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Techniques of Maki-e


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The Techniques of Maki-e


An artist must prepare an object before any maki-e can be done. This starts with Shitaji-nuri or base painting at least twice or more to provide the object with a good foundation for maki-e. This is followed by Naka-nuri or interim urushi painting, then Uwa-nuri, or final coatings. From here, if an artist desires to have a more natural look to urushi, or Hana-nuri finish, they will use urushi with a bit of oil to achieve this result. If the artist wants to bring out the luster to best effect, then only oil free urushi is used for repeated special burnishing. This is called the Roiro-migaki.


Here is an example of Hana-nuri. It is fairly polished, but if you compare to Roiro-migaki, it is not as polished.




Here is an example of Roiro-migaki or special burnishing:




Before any Maki-e work can be done, the artist must transcribe the designs on to the pen. This step is called Okime.


Once the design is transcribed to the pen, the artist now has four basic techniques he can use to execute his/her designs:

  • Hira maki-e
  • Togidashi Maki-e
  • Taka Maki-e
  • Shishiai Maki-e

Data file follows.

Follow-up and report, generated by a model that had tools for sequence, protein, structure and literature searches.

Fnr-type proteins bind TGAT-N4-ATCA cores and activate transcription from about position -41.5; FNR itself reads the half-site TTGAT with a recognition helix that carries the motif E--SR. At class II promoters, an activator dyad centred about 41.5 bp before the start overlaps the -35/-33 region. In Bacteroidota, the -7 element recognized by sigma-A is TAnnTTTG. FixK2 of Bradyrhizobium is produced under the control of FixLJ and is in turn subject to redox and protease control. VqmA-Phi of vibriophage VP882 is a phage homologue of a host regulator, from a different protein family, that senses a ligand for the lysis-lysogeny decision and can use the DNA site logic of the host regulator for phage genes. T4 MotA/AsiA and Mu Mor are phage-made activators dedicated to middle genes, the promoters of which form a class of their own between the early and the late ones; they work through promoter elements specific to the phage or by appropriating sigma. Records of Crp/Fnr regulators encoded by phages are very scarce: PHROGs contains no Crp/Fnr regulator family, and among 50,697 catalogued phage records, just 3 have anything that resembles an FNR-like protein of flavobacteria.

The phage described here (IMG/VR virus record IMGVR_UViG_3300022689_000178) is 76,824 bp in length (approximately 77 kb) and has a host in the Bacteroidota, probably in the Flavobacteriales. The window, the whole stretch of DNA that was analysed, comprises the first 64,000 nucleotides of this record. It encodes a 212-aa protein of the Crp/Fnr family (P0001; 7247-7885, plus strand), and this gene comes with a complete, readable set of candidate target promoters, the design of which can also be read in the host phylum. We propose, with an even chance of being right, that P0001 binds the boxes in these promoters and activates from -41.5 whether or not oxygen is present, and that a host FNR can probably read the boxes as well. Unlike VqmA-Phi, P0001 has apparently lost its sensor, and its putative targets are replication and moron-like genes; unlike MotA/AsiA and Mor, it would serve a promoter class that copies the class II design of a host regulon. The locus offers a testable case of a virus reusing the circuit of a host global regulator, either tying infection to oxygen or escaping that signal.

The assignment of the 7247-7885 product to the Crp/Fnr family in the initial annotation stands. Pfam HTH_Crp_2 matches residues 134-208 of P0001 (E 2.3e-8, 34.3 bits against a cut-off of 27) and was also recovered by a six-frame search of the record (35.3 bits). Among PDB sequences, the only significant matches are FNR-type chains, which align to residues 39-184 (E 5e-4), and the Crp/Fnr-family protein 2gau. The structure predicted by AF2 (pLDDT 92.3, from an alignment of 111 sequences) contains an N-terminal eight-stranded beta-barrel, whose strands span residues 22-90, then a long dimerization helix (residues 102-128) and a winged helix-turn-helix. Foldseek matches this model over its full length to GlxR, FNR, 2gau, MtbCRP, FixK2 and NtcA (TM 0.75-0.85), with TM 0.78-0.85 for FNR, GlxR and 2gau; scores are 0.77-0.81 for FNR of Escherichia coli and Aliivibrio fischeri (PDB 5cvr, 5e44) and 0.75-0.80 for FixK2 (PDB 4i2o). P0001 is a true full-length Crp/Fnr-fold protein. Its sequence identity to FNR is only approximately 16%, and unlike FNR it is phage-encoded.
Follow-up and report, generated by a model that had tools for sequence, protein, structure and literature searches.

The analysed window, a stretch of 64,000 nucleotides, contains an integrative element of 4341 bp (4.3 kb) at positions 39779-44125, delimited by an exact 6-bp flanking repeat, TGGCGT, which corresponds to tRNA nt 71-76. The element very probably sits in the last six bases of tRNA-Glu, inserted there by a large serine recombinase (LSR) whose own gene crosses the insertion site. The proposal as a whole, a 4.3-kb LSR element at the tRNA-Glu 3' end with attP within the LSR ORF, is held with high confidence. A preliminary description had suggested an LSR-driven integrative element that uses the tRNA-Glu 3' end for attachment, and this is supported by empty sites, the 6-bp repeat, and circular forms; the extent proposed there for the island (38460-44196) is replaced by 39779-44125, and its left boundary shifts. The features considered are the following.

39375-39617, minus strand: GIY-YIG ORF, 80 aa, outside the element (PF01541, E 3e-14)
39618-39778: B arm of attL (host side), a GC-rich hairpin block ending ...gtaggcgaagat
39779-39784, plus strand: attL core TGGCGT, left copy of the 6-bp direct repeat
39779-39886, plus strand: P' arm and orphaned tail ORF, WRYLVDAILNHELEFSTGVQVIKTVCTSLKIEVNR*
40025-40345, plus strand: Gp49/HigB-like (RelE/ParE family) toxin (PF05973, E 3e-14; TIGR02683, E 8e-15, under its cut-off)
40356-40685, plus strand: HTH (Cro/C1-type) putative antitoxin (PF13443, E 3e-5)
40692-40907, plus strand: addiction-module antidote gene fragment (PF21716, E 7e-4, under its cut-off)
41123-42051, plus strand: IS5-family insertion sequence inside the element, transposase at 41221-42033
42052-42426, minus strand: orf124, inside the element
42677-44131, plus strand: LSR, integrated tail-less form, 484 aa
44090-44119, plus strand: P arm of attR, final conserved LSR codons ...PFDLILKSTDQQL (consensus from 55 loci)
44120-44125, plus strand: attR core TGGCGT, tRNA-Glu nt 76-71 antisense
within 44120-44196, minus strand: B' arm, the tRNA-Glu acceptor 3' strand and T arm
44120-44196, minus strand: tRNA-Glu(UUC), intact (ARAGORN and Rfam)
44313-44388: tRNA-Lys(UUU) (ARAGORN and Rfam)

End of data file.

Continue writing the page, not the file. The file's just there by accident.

These four categories can be divided further by using different materials and techniques and individual skills and tastes.



Hira Maki-e


After transcription of designs, or Okime, the artist starts with drawing lines of designs, and then painting the surface with urushi between the lines, called Ji-nuri. The work is then placed in a Furo, or temperature and humidity control cabinet until the urushi is half dried. The gold or silver powder is then sprinkled onto the surface. This is called Fun-maki. After the Fun-maki, better quality urushi is then painted over the surface, called Fun-katame. The pen or object will be burnished with powder for grinding and vegetable oil first by hand and then followed by grinding powders without water to make the surface lustrous. Based on sizes of gold powder used, Hira Maki-e is further subdivided into:

  1. Hira-Fun Maki-e Hira-fun, or Hirako is very fine powder and can only be sprinkled onto pens with cotton as it is too small to be sprinkled with a tube. Polishing on this type of Hira Maki-e is usually done by gentle rubbing with 3 fingers.
  2. Han Maru-fun Hira Maki-e These are slightly larger powders than Hira-fun. Here a soft hair brush is used to sprinkle this type of powder.
  3. Maru-fun Hira Maki-e Most standard Hira Maki-e are done using gold powders ranging from size #1 (smallest) to #20 or larger. Pens made with Maru-fun can withstand heavier repeat burnishings.
  4. Uwa Togidashi Hira Maki-e This is Hira maki-e with parts done with Togidahsi Maki-e or charcoal burnishing. Different kinds of charcoals are used for polishing on different occasions.

Here is an example of Hira Maki-e: The base was finished with black urushi Roiro-migaki. Design was drawn and sprinkled with gold powder, and then Uwa-e on the leaves and Sakura with Raden. The white petal is set with quail egg shells.





Togidashi Maki-e


Togidashi Maki-e can only be done on a perfectly clean and smooth surface. The surface has to be rubbed with urushi leaving no pores before Togidashi Maki-e work can be started. The four different types of Togidashi Maki-e are as follows: